Grant Work: Ezras Nashim - Helping Women
This local continuation of my project on the fascinating all-female societies across the world, done in Brooklyn, New York during the coronavirus pandemic in 2020 and 2021, is supported by a National Geographic Society 2020 grant and published by The New York Times in 2021
- Ezras Nashim: Helping Women
Although coronavirus death rates double for men, the majority of the pandemic's collateral damage befalls women. Women have been increasingly vulnerable in this catastrophe, as they comprise most of U.S.'s healthcare and minimum wage workers, its small businesses, and the pandemic's jobless. And this isn't all that ails our female population: violence against women is up across the world, and access to oft-shuttered reproductive services is down.
And so, helping women win equal access to basic human rights, like physical health, emotional comfort and one’s choice in vocation, is ever more crucial.
One organization that aims at all three is an all-female EMT volunteer corps based in Brooklyn — the first of its kind in the United States — of Jewish Orthodox women called Ezras Nashim, or “Helping Women” in Hebrew, which formed after its counterparts in the influential all-male Hatzolah EMT corps revolted against working alongside them. Despite this, they gathered to offer emergency care especially to observant women, who'd experienced trauma or avoided medical care without the option of choosing female EMTs. This iteration of my project aims to increase awareness of the often hard-to-access culture of the Orthodox Jewish community, and to remind that the age-old battle women face — not being taken as seriously as their male colleagues — can meet avenues of hope and progress.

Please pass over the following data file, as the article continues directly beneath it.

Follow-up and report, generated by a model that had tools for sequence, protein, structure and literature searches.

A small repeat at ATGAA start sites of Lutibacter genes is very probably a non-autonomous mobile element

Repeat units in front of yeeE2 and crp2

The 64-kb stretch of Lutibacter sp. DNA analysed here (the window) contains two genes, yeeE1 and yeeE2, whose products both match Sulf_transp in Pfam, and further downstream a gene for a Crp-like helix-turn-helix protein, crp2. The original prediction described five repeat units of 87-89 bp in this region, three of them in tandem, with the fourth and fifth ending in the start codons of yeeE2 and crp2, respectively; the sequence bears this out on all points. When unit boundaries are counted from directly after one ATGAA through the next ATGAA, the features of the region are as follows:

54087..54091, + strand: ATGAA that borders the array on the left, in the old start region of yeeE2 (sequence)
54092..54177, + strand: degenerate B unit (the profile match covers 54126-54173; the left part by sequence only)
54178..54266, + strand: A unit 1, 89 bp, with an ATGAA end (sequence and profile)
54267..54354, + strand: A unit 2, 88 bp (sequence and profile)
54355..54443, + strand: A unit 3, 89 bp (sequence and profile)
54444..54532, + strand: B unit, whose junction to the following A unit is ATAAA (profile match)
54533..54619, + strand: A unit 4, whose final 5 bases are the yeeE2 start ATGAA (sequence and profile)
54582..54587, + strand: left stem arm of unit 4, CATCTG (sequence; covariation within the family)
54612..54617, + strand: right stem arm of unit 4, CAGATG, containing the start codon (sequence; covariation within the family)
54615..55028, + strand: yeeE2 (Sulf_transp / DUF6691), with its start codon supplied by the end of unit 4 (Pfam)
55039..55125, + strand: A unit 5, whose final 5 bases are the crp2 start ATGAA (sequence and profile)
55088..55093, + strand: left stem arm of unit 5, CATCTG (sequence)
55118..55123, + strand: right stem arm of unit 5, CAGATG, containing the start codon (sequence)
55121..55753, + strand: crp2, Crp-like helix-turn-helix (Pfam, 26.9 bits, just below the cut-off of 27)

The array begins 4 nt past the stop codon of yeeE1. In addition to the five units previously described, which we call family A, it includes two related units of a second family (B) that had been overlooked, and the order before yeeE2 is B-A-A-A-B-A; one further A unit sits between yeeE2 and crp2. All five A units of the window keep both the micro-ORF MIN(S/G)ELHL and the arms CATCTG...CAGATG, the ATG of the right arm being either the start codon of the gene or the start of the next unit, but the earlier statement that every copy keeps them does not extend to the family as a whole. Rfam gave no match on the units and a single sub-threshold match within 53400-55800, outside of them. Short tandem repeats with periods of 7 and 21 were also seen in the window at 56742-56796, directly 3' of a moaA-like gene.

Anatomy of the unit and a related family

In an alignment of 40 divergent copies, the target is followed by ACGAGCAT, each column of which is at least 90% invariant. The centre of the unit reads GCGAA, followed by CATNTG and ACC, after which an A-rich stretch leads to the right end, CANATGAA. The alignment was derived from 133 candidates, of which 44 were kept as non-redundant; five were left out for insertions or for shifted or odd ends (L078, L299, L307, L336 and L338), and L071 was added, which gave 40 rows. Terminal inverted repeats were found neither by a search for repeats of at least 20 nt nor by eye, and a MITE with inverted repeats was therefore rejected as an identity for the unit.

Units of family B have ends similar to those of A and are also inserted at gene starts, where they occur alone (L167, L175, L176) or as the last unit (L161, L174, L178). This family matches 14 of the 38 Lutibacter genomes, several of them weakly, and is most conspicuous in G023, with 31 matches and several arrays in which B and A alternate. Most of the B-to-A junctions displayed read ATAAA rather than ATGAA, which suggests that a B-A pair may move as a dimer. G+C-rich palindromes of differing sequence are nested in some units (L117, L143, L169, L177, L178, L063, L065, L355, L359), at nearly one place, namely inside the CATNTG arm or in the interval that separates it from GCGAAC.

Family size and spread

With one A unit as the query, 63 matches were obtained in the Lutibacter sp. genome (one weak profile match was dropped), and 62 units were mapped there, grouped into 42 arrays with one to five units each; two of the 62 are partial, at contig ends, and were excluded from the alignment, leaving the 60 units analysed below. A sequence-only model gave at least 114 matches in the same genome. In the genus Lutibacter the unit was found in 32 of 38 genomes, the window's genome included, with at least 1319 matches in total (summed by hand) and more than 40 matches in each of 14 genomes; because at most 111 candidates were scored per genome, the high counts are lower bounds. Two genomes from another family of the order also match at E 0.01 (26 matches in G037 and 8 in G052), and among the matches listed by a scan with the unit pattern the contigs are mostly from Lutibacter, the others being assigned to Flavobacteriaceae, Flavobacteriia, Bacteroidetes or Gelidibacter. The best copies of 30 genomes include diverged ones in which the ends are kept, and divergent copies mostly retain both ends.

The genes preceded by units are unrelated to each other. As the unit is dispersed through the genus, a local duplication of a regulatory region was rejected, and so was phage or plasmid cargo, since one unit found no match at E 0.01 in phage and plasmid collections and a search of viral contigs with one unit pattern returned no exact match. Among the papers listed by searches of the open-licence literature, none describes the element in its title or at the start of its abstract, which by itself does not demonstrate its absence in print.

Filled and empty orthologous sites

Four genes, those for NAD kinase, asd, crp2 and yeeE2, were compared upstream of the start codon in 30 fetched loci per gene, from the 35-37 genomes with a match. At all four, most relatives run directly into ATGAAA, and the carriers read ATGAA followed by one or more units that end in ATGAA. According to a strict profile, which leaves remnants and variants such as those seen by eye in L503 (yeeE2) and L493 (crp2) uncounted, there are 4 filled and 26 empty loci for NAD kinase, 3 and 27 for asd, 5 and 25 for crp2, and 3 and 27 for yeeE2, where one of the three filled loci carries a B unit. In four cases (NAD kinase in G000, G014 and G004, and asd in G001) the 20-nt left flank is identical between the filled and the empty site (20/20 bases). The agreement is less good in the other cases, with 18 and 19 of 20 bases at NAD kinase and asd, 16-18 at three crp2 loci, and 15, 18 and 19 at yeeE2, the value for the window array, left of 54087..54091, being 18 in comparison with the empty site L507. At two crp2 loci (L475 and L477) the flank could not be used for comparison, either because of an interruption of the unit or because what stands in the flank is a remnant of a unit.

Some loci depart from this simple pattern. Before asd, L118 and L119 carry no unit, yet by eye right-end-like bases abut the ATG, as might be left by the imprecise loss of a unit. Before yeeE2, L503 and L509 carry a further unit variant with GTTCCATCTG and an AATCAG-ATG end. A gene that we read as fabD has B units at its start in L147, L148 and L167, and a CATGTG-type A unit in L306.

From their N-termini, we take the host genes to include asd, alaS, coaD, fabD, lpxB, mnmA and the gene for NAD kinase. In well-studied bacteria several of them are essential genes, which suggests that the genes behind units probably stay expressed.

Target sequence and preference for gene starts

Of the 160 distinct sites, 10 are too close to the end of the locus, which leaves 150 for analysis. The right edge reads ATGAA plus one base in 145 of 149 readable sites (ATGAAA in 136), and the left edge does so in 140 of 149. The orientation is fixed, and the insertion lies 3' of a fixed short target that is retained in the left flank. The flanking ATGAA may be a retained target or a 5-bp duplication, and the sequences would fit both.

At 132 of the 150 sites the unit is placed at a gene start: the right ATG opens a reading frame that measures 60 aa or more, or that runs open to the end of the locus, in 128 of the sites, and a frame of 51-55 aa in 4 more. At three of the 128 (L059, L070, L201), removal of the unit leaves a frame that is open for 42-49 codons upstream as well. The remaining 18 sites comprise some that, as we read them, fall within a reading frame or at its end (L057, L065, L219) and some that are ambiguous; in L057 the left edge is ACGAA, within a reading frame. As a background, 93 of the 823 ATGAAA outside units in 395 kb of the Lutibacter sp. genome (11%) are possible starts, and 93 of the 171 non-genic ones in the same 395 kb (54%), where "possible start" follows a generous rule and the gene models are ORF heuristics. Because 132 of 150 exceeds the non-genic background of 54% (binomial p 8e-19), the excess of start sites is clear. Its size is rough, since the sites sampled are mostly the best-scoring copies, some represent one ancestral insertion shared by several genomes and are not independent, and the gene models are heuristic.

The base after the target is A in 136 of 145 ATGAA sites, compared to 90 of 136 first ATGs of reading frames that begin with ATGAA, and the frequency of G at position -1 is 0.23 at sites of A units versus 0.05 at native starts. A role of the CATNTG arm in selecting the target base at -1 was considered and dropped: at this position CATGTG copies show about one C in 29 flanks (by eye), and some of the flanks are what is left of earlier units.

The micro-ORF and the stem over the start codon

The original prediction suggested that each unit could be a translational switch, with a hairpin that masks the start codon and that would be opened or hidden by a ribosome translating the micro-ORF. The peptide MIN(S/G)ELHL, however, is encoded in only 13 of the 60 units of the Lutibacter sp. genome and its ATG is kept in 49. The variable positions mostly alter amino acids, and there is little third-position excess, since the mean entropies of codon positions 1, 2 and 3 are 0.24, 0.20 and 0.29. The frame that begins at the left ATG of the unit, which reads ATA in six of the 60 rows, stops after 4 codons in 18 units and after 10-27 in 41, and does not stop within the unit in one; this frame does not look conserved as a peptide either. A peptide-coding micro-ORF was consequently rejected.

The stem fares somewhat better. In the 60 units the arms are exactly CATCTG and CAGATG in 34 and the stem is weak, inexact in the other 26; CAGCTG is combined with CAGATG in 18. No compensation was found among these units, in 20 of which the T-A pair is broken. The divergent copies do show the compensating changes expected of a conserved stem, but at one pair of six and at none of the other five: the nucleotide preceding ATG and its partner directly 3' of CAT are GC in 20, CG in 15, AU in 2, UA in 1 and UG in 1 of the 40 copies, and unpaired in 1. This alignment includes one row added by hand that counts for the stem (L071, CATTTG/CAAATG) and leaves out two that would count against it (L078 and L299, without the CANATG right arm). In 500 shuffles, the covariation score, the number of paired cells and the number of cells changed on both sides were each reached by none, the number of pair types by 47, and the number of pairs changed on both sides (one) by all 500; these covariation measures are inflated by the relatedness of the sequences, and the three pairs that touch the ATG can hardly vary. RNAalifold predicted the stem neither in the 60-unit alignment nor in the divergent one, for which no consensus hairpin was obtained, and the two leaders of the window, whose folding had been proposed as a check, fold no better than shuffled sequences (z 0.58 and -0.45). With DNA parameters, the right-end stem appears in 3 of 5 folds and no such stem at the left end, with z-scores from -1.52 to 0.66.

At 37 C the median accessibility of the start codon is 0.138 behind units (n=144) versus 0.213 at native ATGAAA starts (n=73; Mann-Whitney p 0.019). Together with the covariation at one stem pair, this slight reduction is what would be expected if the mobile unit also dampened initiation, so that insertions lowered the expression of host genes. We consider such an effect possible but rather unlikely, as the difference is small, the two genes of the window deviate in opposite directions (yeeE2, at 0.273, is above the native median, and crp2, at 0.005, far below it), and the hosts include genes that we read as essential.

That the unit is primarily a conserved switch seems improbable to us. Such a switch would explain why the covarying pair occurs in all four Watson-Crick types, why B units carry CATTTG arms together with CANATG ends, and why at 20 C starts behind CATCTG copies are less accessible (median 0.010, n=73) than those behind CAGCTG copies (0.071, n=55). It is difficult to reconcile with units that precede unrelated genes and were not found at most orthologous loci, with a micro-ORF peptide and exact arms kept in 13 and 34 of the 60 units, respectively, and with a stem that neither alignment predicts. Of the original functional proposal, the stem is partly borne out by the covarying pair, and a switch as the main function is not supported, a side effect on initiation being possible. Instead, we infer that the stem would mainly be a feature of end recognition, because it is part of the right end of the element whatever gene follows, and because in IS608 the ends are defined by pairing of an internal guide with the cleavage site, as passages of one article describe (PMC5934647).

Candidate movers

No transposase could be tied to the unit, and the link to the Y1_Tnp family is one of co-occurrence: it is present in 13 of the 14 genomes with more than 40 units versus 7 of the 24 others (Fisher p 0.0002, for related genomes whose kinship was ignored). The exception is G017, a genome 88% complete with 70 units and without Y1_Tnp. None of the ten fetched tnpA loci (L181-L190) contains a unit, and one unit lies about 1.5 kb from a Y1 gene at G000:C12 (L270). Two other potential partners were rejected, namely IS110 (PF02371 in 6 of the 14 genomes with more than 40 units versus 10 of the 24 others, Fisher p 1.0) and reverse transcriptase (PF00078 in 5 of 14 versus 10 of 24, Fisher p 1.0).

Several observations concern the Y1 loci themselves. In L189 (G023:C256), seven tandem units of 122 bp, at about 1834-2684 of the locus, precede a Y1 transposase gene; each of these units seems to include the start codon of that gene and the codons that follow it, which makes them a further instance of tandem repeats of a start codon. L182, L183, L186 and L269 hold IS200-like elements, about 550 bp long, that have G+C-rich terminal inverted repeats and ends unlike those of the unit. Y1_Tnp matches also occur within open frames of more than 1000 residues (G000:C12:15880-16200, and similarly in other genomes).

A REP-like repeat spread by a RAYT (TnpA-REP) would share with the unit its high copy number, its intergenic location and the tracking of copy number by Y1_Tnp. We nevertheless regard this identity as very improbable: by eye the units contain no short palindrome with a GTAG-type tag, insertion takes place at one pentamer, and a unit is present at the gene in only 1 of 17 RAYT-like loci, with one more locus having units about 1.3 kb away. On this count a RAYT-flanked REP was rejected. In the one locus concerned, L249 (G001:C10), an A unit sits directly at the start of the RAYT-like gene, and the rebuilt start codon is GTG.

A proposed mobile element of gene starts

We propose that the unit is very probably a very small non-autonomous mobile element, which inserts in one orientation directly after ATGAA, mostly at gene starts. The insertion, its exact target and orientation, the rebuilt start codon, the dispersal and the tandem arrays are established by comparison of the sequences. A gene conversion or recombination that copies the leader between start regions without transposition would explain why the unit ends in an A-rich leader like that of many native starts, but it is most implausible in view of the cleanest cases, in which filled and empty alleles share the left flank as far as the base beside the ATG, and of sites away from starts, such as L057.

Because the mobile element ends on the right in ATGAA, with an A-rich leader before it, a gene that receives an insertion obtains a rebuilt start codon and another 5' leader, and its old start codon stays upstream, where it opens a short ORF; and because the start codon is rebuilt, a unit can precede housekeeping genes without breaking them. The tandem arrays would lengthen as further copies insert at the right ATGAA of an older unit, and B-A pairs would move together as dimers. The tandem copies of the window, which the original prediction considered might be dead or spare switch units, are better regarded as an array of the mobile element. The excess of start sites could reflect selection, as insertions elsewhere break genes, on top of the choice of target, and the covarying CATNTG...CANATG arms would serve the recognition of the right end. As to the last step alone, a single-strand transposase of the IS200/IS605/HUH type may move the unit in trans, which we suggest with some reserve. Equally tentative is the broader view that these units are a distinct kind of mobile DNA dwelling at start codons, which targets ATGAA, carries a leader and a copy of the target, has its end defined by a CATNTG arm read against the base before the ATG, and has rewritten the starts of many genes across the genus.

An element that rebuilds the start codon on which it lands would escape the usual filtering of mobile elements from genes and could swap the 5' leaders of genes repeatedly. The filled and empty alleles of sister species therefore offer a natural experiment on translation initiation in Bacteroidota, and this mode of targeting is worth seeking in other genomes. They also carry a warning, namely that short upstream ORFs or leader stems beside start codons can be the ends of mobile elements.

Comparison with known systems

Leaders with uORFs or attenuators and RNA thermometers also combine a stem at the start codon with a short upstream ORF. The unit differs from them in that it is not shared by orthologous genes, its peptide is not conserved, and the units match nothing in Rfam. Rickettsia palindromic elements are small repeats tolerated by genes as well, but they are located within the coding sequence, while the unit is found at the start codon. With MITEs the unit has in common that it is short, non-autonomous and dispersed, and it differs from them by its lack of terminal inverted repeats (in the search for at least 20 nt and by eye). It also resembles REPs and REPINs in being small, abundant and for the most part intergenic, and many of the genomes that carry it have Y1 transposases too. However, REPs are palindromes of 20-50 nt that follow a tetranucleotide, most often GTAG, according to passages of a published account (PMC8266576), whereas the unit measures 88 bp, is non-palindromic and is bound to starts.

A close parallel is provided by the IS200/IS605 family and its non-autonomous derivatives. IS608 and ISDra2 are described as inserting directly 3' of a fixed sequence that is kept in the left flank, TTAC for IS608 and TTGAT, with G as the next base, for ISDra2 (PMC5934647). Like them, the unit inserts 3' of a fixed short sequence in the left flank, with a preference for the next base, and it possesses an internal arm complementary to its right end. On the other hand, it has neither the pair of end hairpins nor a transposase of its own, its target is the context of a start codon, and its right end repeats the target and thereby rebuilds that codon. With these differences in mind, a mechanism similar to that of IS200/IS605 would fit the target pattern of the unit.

Ezras Nashim succeeded in forming despite virulent opposition from powerful, competing all-male EMTs and the interconnected network of EMT industry decision-makers — thus changing the idea of women’s role in the personal and professional spheres of the Orthodox community, and enabling religiously modest women to receive crucial medical care from other women.
Ezras Nashim: Helping Women intersects the themes of community, challenge, resilience, healthcare, and women’s rights at a time when the transition from pandemic- to post-pandemic life makes us refocus on all of these imperative aspects of equality and the human existence.